Providing Value Back to Analytic Engineering Teams with GENESYS

In a recent blog post “The Future of Fully Connected MBSE” and a webinar “Connecting GENESYS to Analytical Engineering Tools” I discussed the mechanisms available for GENESYS to support the analytical aspects of our engineering design activities. In this blog post I will outline an example of how GENESYS can support the analytical needs of a design. There are many mechanism available to support this, but for simplicity we will leverage the Microsoft Excel Connector to pull data from GENESYS, perform calculations, and push the results back to GENESYS.

It is vitally important that the data used by discipline engineers, as they make their decisions about the system solution, comes from a common source. The logical choice is for the data to come directly from the centralized model. The discipline engineers need the data in a structured form that is applicable for their analysis. They also need data that is meaningful for the analysis they are performing. The goal is to move from just model-based systems engineering to digital engineering.

Ideally we would like to achieve a situation where both the systems engineers and the discipline engineers can perform analysis and undertake design concurrently using a common pool of data and information. So as the systems engineers alter their aspects of the system’s design, the discipline engineers’ analyses immediately reflect the changes instigated by the systems engineers and vice versa.

GENESYS provides embedded analysis capabilities through its simulator which allows the behavior of the system to be analyzed using an event-driven simulation. But without custom scripting or other extension, we are unable to do analysis that involves solving equations within GENESYS.  For example, we could not do any electrical voltage analysis as we look at size, weight, and power – and cost (SWAP-C) data within our model. So while the systems engineering model holds data that will be used by the discipline engineers, the models, by themselves, do not provide the necessary means of using that data in a manner that is relevant for the discipline engineers.

We can couple Excel with GENESYS to support a broad range of engineering analyses, both simple and complex. Certainly, there are other possibilities as well – Matlab, dedicated engineering packages, and custom code – but for the sake of illustration we will look at a classic engineering optimization problem regarding the number of piers in a bridge design. The optimization is based on the weight of the superstructure and the resultant total cost of the bridge. (This example is based on the example in “Systems Engineering and Analysis” by Blanchard & Fabrycky.)

The systems engineer uses GENESYS to capture the major elements and their relationships in the bridge design: superstructure, piers, and abutments.


Structure Block Definition Diagram of the Bridge, Prior to Analysis


GENESYS parameters are used within the various Component entities to hold data values and data units associated with the design. The table shows the values that are known prior to the analytic engineering calculations.

Parameter / Attribute Bridge Superstructure Pier Abutment
partMultiplicity Known Unknown Known
Length Known
Span Unknown  
Weight   Unknown
Cost   Unknown Known Known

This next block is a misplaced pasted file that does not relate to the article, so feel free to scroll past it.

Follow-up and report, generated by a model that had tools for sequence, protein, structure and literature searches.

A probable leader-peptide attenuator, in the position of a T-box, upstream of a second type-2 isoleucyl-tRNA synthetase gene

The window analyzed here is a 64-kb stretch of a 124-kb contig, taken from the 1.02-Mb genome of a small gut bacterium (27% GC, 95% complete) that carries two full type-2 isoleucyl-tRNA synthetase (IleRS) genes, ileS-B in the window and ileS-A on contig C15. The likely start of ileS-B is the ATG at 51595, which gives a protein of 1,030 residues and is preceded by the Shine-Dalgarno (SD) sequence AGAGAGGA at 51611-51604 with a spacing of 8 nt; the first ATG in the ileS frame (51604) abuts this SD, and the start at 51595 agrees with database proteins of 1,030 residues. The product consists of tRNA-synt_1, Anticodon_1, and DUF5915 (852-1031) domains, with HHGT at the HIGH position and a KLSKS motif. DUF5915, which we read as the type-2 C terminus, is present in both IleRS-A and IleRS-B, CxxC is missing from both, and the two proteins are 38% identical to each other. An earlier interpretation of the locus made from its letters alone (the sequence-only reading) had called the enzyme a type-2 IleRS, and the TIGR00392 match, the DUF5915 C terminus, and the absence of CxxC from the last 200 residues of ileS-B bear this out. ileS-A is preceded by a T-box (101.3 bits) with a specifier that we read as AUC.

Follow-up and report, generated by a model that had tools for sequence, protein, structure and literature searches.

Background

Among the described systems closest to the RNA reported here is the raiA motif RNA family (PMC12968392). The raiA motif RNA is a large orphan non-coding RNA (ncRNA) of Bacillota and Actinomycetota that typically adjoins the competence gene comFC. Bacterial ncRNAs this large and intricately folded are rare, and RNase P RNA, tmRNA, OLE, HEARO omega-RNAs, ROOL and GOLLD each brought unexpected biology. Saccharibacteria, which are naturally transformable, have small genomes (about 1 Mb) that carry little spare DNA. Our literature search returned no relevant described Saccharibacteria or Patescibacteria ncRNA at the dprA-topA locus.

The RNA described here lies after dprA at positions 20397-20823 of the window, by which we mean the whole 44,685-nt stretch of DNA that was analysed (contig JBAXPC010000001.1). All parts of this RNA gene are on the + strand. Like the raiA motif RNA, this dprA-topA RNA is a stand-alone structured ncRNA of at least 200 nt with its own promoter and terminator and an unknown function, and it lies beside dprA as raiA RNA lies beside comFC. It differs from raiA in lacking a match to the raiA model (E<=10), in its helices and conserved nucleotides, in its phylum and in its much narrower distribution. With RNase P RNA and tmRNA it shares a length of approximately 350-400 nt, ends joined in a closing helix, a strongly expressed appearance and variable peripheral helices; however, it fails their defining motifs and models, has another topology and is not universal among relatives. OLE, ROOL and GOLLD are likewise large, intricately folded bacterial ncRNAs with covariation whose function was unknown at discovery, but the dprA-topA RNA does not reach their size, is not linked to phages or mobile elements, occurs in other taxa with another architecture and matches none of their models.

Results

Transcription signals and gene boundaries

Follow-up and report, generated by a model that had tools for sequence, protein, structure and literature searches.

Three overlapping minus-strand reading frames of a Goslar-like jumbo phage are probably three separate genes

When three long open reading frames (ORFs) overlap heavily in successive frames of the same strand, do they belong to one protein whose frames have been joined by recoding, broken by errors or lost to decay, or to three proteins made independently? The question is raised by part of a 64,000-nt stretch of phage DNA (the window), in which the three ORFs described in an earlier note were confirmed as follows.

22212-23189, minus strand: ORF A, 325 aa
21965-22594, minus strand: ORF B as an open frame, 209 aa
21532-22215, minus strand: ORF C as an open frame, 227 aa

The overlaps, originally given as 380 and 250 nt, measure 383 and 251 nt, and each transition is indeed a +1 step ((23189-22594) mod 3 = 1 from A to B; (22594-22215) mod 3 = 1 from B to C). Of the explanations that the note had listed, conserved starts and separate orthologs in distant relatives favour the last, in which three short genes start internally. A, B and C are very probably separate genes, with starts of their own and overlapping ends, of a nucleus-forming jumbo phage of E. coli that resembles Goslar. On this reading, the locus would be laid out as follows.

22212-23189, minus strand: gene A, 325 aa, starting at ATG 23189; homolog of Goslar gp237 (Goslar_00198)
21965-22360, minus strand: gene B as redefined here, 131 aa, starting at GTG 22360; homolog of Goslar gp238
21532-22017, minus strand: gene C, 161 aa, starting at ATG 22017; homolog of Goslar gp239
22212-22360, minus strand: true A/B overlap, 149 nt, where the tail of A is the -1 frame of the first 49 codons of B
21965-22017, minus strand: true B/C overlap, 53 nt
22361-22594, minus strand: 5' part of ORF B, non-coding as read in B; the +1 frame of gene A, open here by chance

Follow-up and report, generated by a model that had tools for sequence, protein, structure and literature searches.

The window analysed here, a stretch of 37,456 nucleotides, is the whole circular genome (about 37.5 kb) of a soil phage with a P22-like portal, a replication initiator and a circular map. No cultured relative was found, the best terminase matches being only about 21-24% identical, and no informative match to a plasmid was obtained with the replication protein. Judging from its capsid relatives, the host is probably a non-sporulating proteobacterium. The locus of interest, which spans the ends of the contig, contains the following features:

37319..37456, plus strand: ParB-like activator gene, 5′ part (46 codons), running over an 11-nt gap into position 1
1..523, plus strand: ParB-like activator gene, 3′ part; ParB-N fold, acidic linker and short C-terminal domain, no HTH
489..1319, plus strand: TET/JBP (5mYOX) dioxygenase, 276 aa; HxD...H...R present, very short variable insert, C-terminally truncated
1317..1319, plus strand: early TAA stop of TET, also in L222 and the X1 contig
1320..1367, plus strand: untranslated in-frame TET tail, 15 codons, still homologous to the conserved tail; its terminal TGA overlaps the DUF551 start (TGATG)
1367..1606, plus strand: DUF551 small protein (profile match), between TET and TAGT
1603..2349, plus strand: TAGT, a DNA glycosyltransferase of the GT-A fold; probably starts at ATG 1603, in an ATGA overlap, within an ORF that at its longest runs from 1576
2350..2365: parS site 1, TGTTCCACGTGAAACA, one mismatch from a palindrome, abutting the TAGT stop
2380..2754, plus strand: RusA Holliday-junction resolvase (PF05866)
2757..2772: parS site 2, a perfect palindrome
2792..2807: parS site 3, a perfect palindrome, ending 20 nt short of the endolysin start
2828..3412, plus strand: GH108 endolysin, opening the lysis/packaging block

Total Cost Unknown Unknown Unknown Unknown


Once the design has been completed to a sufficient level of detail, the discipline engineer can use the Excel Connector to pull the model’s data out of the GENESYS repository to be used in the optimization calculations. In doing so, the design engineer does not need to be familiar with GENESYS. Instead, the design engineer works solely within an environment with which they are intimated familiar.


Model Parameters & Attributes Pulled into Excel

[Note: spreadsheet transposed for display]


Once the data is in Excel the calculations necessary for the optimization can be made using the data. The resultant values can be written into the cells representing the unknown Component parameters and relationship attributes. (The formulas for the calculations can be placed in the cells that need their values calculated.) The values in the changed cells in the spreadsheet can then be published into the repository to update the model data.


Model Parameters & Attributes after Optimization Calculations in Excel

[Note: spreadsheet transposed for display]


Once the new data is in the model, GENESYS immediately updates any views that use that data.


Structure Block Definition Diagram of the Bridge, after Optimization


Class Diagram of the Bridge, after Optimization


There are many other scenarios that connect the descriptive systems engineering design space served by GENESYS with the analytical engineering space served by a wide range of common and specialty tools. GENESYS provides a common source for the data used and produced by the systems engineers and discipline engineers. GENESYS delivers the data in a structured form both internally and to external applications. The net result is the systems engineer and discipline engineer are able to work concurrently on the model.

GENESYS provides value to the analytic engineering team, allowing them to have visibility of the model and its data as the systems engineers develop the design. The analytical engineering team is able to access the model data directly. They can then include their input into the design and the model via their own tools as and when appropriate bringing together the architecture and analytics necessary to successfully deliver systems.

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